Sunday, April 20, 2014

Ten good reasons for thinking that the Shroud image resides on an impurity layer, as proposed by explosives chemist Raymond N.Rogers

Sorry, but this retired science bod cannot think of a single good reason for thinking the Shroud image is on an impurity layer, whether it be starch, semi-degraded starch, soapwort, saponin, aloes, myrrh, whatever.

Nope. I'm not talking now about anecdotal evidence based on the supposition (at odds with the radiocarbon dating) that the Shroud is of 1st century AD provenance, when starch and/or natural soaps were allegedly used in spinning and weaving or bleaching.

I'm talking about hard chemical and other evidence, such as was acquired by the STURP team, to which the late Raymond N.Rogers was seconded as lead chemical investigator.

But you will not find Rogers' impurity coating thesis mentioned anywhere in the 1981 STURP summary of findings  - and rightly so in my opinion.

OK, so playing hunches has a vital role in science ("framing hypotheses") but they have to be (a) testable in principle if they are to be taken seriously and (b) tested in practice before they can be accepted into the mainstream of scientific thinking.

 Rogers' impurity coating idea not only lacks for hard experimental data, but the further development as his "Maillard reaction" hypothesis, proposing reaction between putrefaction amines(largely unspecified) and reducing  sugars (largely unspecified) appears to this sceptic as pie-in-the-sky.

More importantly, the idea has never been properly put to the test, unless one accepts at face value the results of a questionable experiment involving ammonia and a contrived mix of (conveniently) partially-degraded starch ("dextrins"), providing the needed "reducing sugars" that intact starch is lacking. The yellow colour, assumed to be a Maillard product (evidence?) is open to alternative interpretation, given the absence of required controls, e.g. on pH (recalling that ammonia is a base, as well as a nitrogen donor). The elevated temperature (66 degrees Celsius) used to obtain a reasonable rate of reaction (or thermodynamic feasibility?) does nothing to cement credulity if intended as a model for natural processes occurring in and around a fairly recently-deceased shroud-wrapped cadaver.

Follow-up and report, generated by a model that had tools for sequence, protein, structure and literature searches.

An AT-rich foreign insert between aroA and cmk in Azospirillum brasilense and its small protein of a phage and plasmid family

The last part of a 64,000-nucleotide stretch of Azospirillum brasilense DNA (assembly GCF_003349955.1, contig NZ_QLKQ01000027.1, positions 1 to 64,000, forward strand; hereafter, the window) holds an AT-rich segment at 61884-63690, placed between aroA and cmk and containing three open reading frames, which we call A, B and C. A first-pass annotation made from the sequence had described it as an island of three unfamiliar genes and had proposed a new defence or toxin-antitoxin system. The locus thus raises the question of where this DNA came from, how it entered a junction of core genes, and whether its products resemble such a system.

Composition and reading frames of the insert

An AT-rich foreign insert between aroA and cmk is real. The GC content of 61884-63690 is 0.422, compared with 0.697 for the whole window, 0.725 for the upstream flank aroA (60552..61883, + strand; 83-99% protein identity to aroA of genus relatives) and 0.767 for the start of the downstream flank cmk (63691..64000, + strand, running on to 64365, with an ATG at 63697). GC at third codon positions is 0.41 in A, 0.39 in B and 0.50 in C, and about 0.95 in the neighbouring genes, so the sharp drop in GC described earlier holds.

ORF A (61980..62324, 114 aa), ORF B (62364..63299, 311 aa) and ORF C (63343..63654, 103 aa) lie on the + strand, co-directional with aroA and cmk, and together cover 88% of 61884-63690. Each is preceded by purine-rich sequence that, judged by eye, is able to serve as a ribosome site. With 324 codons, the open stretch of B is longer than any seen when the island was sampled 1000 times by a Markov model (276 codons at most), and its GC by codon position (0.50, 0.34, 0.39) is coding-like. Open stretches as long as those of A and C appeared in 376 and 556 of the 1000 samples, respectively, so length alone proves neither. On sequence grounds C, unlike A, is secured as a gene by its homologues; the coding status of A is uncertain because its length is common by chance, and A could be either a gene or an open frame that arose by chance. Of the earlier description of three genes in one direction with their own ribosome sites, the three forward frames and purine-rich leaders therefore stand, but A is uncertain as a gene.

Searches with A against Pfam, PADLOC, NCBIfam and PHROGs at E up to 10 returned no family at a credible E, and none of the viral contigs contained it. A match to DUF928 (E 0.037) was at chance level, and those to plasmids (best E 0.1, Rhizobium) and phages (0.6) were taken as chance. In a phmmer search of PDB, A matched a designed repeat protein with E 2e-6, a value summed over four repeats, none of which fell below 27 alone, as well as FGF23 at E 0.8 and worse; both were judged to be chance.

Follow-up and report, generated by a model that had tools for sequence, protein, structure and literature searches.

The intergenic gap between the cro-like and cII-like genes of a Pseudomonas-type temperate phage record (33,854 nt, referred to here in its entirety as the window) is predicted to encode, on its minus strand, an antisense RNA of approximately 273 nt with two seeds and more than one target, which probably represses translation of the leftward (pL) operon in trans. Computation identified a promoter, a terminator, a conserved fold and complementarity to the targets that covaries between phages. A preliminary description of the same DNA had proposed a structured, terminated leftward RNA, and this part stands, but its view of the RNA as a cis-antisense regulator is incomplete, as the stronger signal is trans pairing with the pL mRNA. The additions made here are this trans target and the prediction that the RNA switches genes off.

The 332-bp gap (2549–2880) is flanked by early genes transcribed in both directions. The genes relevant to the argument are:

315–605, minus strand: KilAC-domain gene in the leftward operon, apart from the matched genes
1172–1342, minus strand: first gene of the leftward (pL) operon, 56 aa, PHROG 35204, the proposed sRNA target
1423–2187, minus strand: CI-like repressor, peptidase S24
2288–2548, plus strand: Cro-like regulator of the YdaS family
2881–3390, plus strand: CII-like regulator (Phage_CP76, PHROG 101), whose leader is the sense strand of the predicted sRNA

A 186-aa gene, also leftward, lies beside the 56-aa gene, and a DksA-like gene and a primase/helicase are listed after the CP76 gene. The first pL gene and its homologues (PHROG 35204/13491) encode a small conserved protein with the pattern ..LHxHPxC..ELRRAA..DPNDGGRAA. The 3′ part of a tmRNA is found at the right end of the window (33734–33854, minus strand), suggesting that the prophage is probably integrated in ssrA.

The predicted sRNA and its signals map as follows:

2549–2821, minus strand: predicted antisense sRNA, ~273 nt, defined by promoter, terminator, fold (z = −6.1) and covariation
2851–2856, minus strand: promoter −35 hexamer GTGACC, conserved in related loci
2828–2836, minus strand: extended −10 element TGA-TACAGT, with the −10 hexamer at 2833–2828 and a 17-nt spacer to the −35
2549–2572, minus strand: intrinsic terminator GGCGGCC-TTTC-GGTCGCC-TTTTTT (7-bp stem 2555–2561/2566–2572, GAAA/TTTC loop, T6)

Sorry,  I'm going to have to end here for want of hard scientific data. Sorry if the title misled. Sometimes the means do justify the ends- like deliberately derailing a  (now) driverless runaway locomotive before it's picked up too much speed.

Apologies in advance to those who think I have misjudged Raymond N.Rogers (RIP). Maybe I have overlooked crucial scientific evidence that  underpins his "impurity layer" hypothesis. If so, please feel free to comment.

In the meantime, this Shroud investigator will continue to regard the hemicelluloses of the primary cell wall (PCW) as the most likely target for the image-forming mechanism, and sees no need, absolutely no need, to assume that untreated linen, free of starch and/or other processing aids, modern or classical, is incapable of accepting an image onto its intrinsic PCW, e.g. via direct physical contact with a heated metal template.

Postscript: I see that Adler's observation that diimide, NH=NH, bleaches the Shroud image, is being adduced as evidence in support of Rogers' ideas. I fail to see why (being unmoved  by references to whether linen fibres look "clean" or "undamaged" before or after diimide treatment). What's the connection between events at the molecular level, and those at the gross one, with or without the benefit of a light microscope?

Second postscript:  It's been suggested  elsewhere that there is no way of telling whether the Shroud image is on the PCW or on a more superficial impurity coating. Admittedly that may be difficult using classical microscopy (atomic force microscopy is another matter). But it's not impossible using chemical means, though access to Shroud samples in the quantities required is as problematical as ever.

In fact I reminded folk last year of the technology that is available. It involves chemical hydrolysis of image v non-image areas via different graded acid-pretreatments, followed by  gas-liquid or HPLC separation of constituent starch and cell wall sugars. An image on the PCW  that resulted in partial or complete pyrolysis of the heat-sensitive hemicelluloses would be detected as a loss of hemicellulose markers (glucoxylans and other non-starch, non-cellulosic pentosan sugars etc) in the image-bearing samples relative to non-image controls. Alternatively, a putative image on a starch coating etc would be expected give the same profile of intact PCW sugars in image v non-image areas, with differences appearing in the additional complement of acquired starch etc, giving differences between the glucose recoveries.

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